UPDATE 2: The Rev Lee Shaw reflects on officiating at a wedding for 2 friends tonight. See also photo.
UPDATE: Press release from the Rt Rev. Scott Hayashi, Bishop of the Diocese of Utah
STATEMENT BY THE RIGHT REVEREND SCOTT B. HAYASHI, EPISCOPAL BISHOP OF UTAH, ON THE RULING STRIKING DOWN UTAH’S AMENDMENT 3
As the Bishop of the Episcopal Diocese of Utah, I rejoice that U.S. District Judge Robert J. Shelby has struck down Utah’s Amendment 3. All people should have the right to due process and equal protection enshrined in the 14th Amendment. Gay and lesbian people are human beings with hopes, dreams, and the need for love. I celebrate that now they will have access to the same fulfillment enjoyed by heterosexual people. They are people made in the image of God.
Many people will find this ruling difficult. The change that this represents will cause them heartache, frustration, and a feeling that our country is going in the wrong direction. Understanding, compassion and prayer for people who deplore this decision is important. They are people made in the image of God. I will be offering my prayers for them.
We are one people. We are one state. We can and must work to make Utah into the place where all people are treated with respect and dignity, and where God is seen in the face of each and every person. As the Bishop of the Episcopal Diocese of Utah, I will continue to welcome all people into The Episcopal Church.
Directly applying the Supreme Court’s decision striking down the federal Defense of Marriage Act to a state’s ban on same-sex marriage, a federal judge in Salt Lake City ruled Friday that Utah’s voter-approved state constitutional amendment violates the federal Constitution.
“The Constitution protects the choice of one’s partner for all citizens, regardless of their sexual identity,” U.S. District Judge Robert J. Shelby ruled in a fifty-three-page opinion. He was the second federal judge to nullify a ban imposed by a state’s voters at the ballot box; the first such ruling nullified California’s “Proposition 8? — a ruling that the Supreme Court left intact in June but without a direct ruling on it.
If Judge Shelby’s ruling withstands an appeal, it would make Utah the eighteenth state where same-sex marriages are allowed, and the seventh in which equal marriage rights were established by a court ruling.
The judge’s 53-page written decision barred the state from enforcing its ban and adds to growing momentum toward legalizing gay marriage across the nation.
It also touched off an immediate rush to the altar by gay couples, especially in Salt Lake City, where a festive atmosphere broke out in the county government building that played host to a string of impromptu weddings – including that of a state senator to his longtime partner.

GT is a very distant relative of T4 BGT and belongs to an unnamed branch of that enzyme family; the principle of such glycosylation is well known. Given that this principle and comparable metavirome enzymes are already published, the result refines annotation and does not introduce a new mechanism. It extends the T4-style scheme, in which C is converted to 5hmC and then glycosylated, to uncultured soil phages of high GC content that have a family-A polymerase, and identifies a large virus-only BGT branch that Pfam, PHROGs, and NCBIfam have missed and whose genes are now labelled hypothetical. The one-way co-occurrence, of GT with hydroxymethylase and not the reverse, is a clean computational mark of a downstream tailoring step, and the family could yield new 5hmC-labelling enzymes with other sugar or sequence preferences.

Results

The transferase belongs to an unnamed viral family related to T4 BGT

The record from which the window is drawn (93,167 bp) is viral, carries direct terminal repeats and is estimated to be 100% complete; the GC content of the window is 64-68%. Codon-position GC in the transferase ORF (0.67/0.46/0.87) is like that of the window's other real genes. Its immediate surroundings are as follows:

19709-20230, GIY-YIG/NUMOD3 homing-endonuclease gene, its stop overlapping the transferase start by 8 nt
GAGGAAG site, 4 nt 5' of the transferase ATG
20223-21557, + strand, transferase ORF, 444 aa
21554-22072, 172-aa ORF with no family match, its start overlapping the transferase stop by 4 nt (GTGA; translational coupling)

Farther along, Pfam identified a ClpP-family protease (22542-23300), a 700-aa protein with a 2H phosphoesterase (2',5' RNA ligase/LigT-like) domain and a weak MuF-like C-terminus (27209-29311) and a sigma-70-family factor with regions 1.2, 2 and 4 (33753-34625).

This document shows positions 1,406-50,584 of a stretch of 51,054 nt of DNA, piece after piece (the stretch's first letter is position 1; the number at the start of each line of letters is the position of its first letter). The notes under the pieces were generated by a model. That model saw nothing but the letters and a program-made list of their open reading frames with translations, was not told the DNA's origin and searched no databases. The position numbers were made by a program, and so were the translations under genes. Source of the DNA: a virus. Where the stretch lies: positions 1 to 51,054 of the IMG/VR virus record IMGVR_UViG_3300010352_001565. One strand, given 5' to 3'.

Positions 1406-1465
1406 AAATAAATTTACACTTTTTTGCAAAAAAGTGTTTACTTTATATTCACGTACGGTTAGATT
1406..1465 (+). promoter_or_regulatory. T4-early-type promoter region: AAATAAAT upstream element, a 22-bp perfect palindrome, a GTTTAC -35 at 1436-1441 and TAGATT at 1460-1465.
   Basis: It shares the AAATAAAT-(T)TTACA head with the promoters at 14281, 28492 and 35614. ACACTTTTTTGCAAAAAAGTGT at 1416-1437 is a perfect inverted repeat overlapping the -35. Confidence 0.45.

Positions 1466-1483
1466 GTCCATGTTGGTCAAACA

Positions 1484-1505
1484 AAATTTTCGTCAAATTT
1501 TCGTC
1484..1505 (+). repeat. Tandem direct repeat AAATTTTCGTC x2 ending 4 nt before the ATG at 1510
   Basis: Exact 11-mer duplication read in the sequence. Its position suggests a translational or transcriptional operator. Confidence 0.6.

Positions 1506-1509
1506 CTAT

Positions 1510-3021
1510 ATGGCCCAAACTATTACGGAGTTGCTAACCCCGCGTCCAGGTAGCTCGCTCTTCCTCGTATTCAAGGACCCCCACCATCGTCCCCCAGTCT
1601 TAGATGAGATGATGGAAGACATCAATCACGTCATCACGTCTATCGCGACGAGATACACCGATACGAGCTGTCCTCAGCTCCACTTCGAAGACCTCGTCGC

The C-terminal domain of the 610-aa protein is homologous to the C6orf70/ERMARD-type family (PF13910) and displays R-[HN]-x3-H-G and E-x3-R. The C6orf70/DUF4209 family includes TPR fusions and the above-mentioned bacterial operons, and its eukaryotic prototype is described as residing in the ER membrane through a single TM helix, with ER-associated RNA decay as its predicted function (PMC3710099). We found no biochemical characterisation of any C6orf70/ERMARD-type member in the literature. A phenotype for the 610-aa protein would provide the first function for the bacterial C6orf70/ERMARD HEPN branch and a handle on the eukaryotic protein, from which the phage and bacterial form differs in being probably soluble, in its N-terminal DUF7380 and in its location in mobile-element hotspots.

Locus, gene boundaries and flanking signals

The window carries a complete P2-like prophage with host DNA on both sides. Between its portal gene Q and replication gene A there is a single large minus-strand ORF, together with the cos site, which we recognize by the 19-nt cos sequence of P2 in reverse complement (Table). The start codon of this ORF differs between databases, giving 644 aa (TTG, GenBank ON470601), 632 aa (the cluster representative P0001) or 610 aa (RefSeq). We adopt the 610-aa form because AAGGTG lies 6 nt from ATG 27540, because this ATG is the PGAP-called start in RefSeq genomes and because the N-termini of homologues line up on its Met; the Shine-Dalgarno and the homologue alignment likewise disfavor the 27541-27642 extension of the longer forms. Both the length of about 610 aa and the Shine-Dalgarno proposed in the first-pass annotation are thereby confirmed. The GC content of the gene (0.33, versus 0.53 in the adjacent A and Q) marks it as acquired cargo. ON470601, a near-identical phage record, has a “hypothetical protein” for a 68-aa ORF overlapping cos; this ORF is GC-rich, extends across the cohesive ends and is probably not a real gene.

In a sign of their hurry to wed, many were dressed informally, with one woman arriving in hospital scrubs. Salt Lake County deputy clerk Dahnelle Burton-Lee said county officials had not kept count of licenses handed out.
Photo of 3 Episcopalians after ruling, Nathan Spofford, James Belmont and the Rev. Lee Shaw. Shaw writes:
What an incredible day: I officiated for the marriage of two dear friends, both male. Who would have thought this would happen in Utah now. (could be lengthy) I had a call from Nathan Spofford and Jim Belmont asking if I would officiate for their marriage now that it is legal in Utah. I said, “Of course.” (Their canonical requirements were met a few years earlier by their rector when he blessed their union in their parish.) I grabbed my “rainbow” stole and Prayer Book and went to the Salt Lake County Clerk’s office. I have never seen such a joyful group of people. Hundreds of them many standing in line, others getting married, family and friends all around. Lots of cameras and video cams. It was noisy and joyous and chaotic and wonderful.
We found a relatively quiet place and I married my two dear friends. I could not see it, but I am told that behind us a group had gathered and after I finished the blessing, there was applause from total strangers. You could hear applause all over the second floor of the County Building as couples were married. Marriages were happening everywhere!! It was incredible and wonderful and I loved it. I have never been in such a chaotic and joyous place for a wedding.
As far as I know Jim and Nathan are the first Episcopalians in Utah to be married and I am the first priest to officiate. Later I saw a colleague priest waiting with another gay couple to get married. This has been such a blessing to me to be invited to take part in this loving and, yes, historic event for Utah. Such a blessing for everyone this evening who were married. Afterwards we went to a cozy Italian restaurant to celebrate. What a wonderful day! Blessings on Jim and Nathan!